Multiple images captured from a single encounter do not promote face learning

Matthews, Claire M.; Ritchie, Kay L.; Laurence, Sarah and Mondloch, Catherine J. (2024). Multiple images captured from a single encounter do not promote face learning. Perception (early access).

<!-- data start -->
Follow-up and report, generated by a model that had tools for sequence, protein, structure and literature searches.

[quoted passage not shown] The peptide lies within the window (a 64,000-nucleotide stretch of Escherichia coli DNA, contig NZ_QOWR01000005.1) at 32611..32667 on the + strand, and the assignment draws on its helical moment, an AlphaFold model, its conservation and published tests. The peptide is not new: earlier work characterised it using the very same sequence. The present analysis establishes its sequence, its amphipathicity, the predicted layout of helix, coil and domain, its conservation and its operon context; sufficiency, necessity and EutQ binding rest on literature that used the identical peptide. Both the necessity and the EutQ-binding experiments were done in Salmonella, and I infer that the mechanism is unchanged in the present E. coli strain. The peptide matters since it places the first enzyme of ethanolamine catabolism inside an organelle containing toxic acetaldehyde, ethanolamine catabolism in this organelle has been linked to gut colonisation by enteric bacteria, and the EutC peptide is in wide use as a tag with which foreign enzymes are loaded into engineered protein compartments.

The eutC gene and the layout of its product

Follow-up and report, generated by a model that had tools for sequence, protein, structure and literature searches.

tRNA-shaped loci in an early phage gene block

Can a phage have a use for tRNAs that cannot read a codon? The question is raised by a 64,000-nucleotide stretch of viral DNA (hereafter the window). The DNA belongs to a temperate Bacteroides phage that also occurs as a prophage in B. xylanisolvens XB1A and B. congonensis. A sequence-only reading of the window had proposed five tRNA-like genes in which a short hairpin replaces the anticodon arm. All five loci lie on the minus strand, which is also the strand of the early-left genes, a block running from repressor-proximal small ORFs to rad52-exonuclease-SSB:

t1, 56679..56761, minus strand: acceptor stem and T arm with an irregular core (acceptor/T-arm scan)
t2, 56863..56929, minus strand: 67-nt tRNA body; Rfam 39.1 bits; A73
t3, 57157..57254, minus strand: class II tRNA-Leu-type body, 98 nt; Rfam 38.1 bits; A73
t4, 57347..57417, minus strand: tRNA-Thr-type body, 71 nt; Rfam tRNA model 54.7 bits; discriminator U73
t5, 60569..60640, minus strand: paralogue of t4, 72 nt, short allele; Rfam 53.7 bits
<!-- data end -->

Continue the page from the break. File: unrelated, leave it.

Viewing multiple images of a newly encountered face improves recognition of that identity in new instances. Studies examining face learning have presented high-variability (HV) images that incorporate changes that occur from moment-to-moment (e.g., head orientation and expression) and over time (e.g., lighting, hairstyle, and health). We examined whether low-variability (LV) images (i.e., images that incorporate only moment-to-moment changes) also promote generalisation of learning such that novel instances are recognised. Participants viewed a single image, six LV images, or six HV images of a target identity before being asked to recognise novel images of that identity in a face matching task (training stimuli remained visible) or a memory task (training stimuli were removed). In Experiment 1 (n = 71), participants indicated which image(s) in 8-image arrays belonged to the target identity. In Experiment 2 (n = 73), participants indicated whether sequentially presented images belonged to the target identity. Relative to the single-image condition, sensitivity to identity improved and response biases were less conservative in the HV condition; we found no evidence of generalisation of learning in the LV condition regardless of testing protocol. Our findings suggest that day-to-day variability in appearance plays an essential role in acquiring expertise with a novel face.

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